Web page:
We can take different approaches to answering this.
Trying to analyse it, I have to conclude that since et al means "and others" that I would treat it as plural just as I would if I'd simply used the English "Gamma and others are saying" rather than "Gamma and others is saying".
We can look at patterns of usage. Here this look at google ngrams suggests the use of the singular. However, it's close and neither are very common. This look at ngrams uses more possible verbs, and finds that generally the plural is more heavily used, and much more with "...et al have" vs "...et al has".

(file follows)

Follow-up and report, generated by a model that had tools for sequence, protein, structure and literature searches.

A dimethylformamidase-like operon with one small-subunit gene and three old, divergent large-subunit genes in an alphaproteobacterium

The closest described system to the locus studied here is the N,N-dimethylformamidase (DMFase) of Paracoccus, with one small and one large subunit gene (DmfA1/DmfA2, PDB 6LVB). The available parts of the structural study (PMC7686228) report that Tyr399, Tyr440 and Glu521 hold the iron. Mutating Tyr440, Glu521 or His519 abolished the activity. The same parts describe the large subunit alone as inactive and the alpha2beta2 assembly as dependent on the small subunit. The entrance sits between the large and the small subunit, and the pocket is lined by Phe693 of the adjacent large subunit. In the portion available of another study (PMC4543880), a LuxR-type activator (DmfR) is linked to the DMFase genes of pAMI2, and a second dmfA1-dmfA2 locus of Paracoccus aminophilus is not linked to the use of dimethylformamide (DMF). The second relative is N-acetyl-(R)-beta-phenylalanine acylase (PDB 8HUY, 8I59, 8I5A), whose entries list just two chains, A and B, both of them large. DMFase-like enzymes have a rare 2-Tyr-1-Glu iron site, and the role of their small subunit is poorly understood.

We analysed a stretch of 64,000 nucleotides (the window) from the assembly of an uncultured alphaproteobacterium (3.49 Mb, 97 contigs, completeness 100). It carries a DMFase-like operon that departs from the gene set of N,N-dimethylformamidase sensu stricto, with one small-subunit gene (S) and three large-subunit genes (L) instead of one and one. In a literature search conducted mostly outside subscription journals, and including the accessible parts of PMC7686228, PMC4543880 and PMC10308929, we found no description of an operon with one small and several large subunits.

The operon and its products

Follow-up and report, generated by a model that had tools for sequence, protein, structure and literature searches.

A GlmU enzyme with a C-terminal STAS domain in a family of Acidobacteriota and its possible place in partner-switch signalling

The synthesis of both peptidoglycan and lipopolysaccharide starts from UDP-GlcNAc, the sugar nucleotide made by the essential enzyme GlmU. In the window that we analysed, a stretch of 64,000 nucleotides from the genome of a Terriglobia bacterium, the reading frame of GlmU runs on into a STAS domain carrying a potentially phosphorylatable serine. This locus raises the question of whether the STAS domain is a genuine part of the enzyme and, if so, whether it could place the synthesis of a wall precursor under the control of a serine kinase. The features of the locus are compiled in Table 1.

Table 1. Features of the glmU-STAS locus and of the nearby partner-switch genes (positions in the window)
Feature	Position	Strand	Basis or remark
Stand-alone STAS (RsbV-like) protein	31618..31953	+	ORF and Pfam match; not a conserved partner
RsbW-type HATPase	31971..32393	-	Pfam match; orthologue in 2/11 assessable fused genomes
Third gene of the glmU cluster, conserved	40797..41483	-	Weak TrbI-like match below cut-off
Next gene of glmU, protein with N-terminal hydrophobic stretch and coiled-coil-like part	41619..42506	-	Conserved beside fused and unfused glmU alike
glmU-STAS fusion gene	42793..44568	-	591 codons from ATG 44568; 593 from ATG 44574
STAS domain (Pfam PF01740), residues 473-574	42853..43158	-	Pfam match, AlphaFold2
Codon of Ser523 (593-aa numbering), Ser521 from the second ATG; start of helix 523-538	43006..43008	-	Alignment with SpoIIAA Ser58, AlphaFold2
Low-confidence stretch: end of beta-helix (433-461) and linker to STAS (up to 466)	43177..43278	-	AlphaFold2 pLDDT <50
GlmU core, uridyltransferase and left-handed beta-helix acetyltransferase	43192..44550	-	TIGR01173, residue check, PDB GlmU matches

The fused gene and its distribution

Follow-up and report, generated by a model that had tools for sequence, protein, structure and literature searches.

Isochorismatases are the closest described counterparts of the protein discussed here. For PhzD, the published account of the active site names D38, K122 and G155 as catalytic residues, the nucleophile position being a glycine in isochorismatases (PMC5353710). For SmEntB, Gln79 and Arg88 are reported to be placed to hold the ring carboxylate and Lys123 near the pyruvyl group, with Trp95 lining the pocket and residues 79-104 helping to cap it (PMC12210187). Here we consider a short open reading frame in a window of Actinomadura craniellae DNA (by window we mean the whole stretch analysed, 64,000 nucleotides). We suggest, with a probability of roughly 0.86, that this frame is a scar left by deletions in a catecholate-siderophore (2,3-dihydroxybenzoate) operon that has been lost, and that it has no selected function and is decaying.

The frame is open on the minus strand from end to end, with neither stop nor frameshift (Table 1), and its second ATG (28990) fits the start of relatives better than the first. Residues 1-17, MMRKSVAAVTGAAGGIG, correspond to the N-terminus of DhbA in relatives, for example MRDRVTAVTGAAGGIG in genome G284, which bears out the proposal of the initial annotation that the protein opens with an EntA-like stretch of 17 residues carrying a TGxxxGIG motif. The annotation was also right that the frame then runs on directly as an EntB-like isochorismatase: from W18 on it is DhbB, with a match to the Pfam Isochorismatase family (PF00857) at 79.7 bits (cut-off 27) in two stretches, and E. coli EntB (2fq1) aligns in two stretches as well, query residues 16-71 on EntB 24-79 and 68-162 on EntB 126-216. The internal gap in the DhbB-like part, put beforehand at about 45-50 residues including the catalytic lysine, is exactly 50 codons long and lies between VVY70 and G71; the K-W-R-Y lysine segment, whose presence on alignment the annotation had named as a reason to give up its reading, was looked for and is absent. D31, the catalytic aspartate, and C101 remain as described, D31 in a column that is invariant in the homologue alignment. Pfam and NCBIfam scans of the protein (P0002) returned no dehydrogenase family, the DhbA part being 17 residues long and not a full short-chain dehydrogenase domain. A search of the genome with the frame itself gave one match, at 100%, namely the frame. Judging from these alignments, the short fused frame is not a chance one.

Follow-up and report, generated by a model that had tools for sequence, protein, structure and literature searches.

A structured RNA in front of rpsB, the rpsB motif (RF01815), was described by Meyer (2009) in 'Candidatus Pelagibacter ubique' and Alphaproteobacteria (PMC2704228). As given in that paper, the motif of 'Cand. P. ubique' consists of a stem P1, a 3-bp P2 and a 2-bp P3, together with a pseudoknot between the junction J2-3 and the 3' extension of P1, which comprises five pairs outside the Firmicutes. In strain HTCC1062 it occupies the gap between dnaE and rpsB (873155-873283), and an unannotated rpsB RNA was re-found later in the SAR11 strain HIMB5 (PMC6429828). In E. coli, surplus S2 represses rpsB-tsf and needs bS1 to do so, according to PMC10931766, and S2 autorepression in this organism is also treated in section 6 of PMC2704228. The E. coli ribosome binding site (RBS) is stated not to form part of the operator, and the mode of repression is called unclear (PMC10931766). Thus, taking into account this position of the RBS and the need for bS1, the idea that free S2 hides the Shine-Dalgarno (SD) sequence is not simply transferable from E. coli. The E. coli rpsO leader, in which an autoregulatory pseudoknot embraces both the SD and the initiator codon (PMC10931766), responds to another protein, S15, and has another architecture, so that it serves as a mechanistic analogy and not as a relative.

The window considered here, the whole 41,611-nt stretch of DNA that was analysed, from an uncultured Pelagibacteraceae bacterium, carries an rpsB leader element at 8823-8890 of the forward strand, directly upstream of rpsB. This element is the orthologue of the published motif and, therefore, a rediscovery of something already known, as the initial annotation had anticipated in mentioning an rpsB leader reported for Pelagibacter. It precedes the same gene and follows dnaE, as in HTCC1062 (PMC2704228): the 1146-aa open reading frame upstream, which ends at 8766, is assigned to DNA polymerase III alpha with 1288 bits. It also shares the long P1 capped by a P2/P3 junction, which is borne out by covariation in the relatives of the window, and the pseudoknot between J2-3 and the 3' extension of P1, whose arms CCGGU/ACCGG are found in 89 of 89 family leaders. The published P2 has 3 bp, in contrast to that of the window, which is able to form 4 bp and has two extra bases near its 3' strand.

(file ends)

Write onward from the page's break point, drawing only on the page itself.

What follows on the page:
So far it would seem that we should definitely use the plural. A counter-argument is that we often use the author or authors of a text to refer to the text itself. If this is the case, then it should be treated as plural. However, that doesn't seem to be the usage here, and indeed we could say that this may explain some of the singular use found by examining ngrams above, so in fact it actually adds weight to the argument in favour of plural use. It does suggest that the following are both correct though:
"Gamma et al are saying..." referring to the authors.
"[Gamma et al] is saying..." referring to the text, where the bibliography has an entry of that and for some reason we prefer not to just list it as "[Gamma]".